While delayed child development associated with overuse of technology is unlikely to cause species demise in and of itself, it does have secondary effects worth considering such as decreased socioeconomic status and academic performance. Suboptimal sensory and motor development in children impacts on their achievement of literacy, which in turn impacts on a child’s completion of high school. Failure to complete high school affects job acquisition and future potential as a wage earner, to say nothing of the economic impact of high school “drop-outs” on the community as a whole. Failure to complete high school also affects attractiveness for human mating and formation of eventual partnerships, affecting overall species productivity and endurance. Obesity secondary to technology overuse is associated with diabetes and cardiovascular disorders, both affecting species endurance and well-being.

Sleep deprivation resulting from technology overuse affects every aspect of human existence including relationships, school/work performance, mental wellness, and cardiovascular fitness, ultimately impacting on species endurance, well-being, and productivity. Chronically high levels of cortisol and adrenalin from prolonged use of video games, result in hypothalamic pituitary axis fatigue, impacting species endurance and well-being. Early studies now show electromagnetic radiation emitted from all technology devices is proving harmful to adults. Children are more vulnerable, as their bodies contain more water and skulls are thinner, allowing more transmission of potentially harmful radiation. Children’s cells are replicating faster than adults, and DNA damage at an early age, makes children more susceptible to cancer and other diseases. Electromagnetic radiation from technology impacts species endurance and well-being.

Mental and Social

Child mental health impairment associated with technology overuse, impacts on species productivity and well-being. Poor communication skills and social isolation, both traits causally related to technology overuse in children, have a negative impact on species prowess and ability to find a mate. Unsuitability for mating will limit human ability to form meaningful relationships necessary to form partnerships and raise a family. Inability to secure a life partner and raise a family affects species propagation, and hence affects overall human sustainability through impacting endurance and well-being. Rising use of psychotropic medication with young children to treat behavior disorders associated with technology overuse has the potential to negatively impact all three sustainability factors – endurance, productivity, and well-being. While child aggression may have been advantageous to species longevity 100 years ago, in the 21st century child aggression is now coupled with developmental delay, impulsivity and illiteracy, making this trait far less attractive when considering overall species sustainability.


The ability of a child to adapt to sensory responses in their environment emerges early in life as a protective and discriminative mechanism, and as children grow they typically become better at tolerating uncomfortable sensory stimuli by applying strategies to self regulate. Sensory over-responsivity reflects a failure to achieve a balance between sensitization and habituation, and can affect many aspects of a child’s ability to function in both home and school settings. The impact of technology overuse on a developing child’s sensory system, and that sensory system’s ability to adapt and habituate to technological stimuli is unknown at this time. Possibly the profound rise in child mental and behavioral disorders reflects the fact that children are not adapting to the chaotic and hyper stimulated world of technology as well as we might think. The ability to relate in meaningful ways with other human beings, to be able to empathize and sympathize with others, really sets the human species distinctly apart from the animal species. As empathy requires human relatedness, one might ask the question “What will be the end result of technology’s progression toward isolation of the human species?” Sedentary, detached, angry, obese, over-stimulated and isolated, how much longer can the new millennium child attempt to adapt to this unhealthy lifestyle, and at what point is the human species no longer sustainable?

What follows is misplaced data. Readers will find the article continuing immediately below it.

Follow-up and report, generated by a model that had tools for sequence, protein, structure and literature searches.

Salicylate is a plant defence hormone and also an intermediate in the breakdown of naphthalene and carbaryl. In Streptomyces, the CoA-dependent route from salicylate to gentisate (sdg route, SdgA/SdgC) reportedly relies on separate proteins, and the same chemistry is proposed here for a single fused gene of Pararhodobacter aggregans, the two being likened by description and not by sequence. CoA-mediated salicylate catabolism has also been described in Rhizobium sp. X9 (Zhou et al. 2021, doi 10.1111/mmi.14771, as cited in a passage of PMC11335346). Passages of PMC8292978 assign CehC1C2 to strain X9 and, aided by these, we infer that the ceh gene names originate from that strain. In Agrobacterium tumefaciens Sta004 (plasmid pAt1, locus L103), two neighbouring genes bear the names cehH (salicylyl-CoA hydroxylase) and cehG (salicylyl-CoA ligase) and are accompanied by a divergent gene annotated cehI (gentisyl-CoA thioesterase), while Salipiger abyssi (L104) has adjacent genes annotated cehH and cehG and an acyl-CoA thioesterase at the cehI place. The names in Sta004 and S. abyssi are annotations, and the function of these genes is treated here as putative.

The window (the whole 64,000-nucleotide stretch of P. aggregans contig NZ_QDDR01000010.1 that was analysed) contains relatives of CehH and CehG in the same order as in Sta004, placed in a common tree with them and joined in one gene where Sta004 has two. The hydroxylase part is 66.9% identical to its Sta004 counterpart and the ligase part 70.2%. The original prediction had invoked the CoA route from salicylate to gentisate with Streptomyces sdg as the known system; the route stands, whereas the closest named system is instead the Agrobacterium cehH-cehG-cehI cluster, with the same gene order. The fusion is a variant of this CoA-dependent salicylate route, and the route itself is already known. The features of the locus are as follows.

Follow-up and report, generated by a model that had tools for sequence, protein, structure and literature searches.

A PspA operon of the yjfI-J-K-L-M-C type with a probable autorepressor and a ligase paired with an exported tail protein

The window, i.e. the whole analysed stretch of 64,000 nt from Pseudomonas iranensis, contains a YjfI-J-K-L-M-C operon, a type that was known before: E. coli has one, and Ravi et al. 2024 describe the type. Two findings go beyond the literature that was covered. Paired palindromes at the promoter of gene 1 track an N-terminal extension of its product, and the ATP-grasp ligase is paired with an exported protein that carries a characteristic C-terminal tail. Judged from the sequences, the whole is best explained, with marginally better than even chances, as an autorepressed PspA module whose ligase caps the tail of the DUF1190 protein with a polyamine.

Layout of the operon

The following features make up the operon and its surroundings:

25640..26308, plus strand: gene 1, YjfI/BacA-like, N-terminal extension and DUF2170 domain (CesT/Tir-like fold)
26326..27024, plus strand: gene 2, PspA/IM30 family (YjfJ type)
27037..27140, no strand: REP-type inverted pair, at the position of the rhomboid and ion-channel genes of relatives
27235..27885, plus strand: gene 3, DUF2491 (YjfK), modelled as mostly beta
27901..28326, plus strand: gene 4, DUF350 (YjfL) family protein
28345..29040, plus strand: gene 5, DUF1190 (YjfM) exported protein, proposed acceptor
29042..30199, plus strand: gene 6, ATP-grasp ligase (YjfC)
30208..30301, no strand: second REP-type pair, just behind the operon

The physical and mental status of the parent is also a crucial factor for determining how well the child will fare. Parent obesity, mental illness, addictions, social isolation, and aggression, all conditions associated with technology overuse, have the potential to have profound effects on the endurance, productivity, and well-being of the next generation. Long durations of attachment to technology effectively “detaches” parents from their children, not only impacting on the parent’s ability to provide sustenance such as food, shelter and clothing, but also negatively impacting on the life sustaining effects of healthy attachment formation between parent and child. In conclusion, evidence suggests that parents and schools allow young children extended periods of unrestricted access to various forms of technology which is harmful to their physical, mental, social and academic development. Further evidence suggests parents are increasingly presenting their children to physicians for assessment of complex behavior disorders that may be linked to the physical inactivity and sensory over-responsivity inherent in the overuse of technology, or related to the “detached” state of the parent.

The ways in which we are raising and educating our children with technology are simply not sustainable, and immediate measures should be taken to reduce the use of technology, if we are to save The Last Generation.

Cris Rowan can be reached at info@zonein.ca. Additional information regarding the impact of technology on child development, behaviour and learning can be found on www.zonein.ca.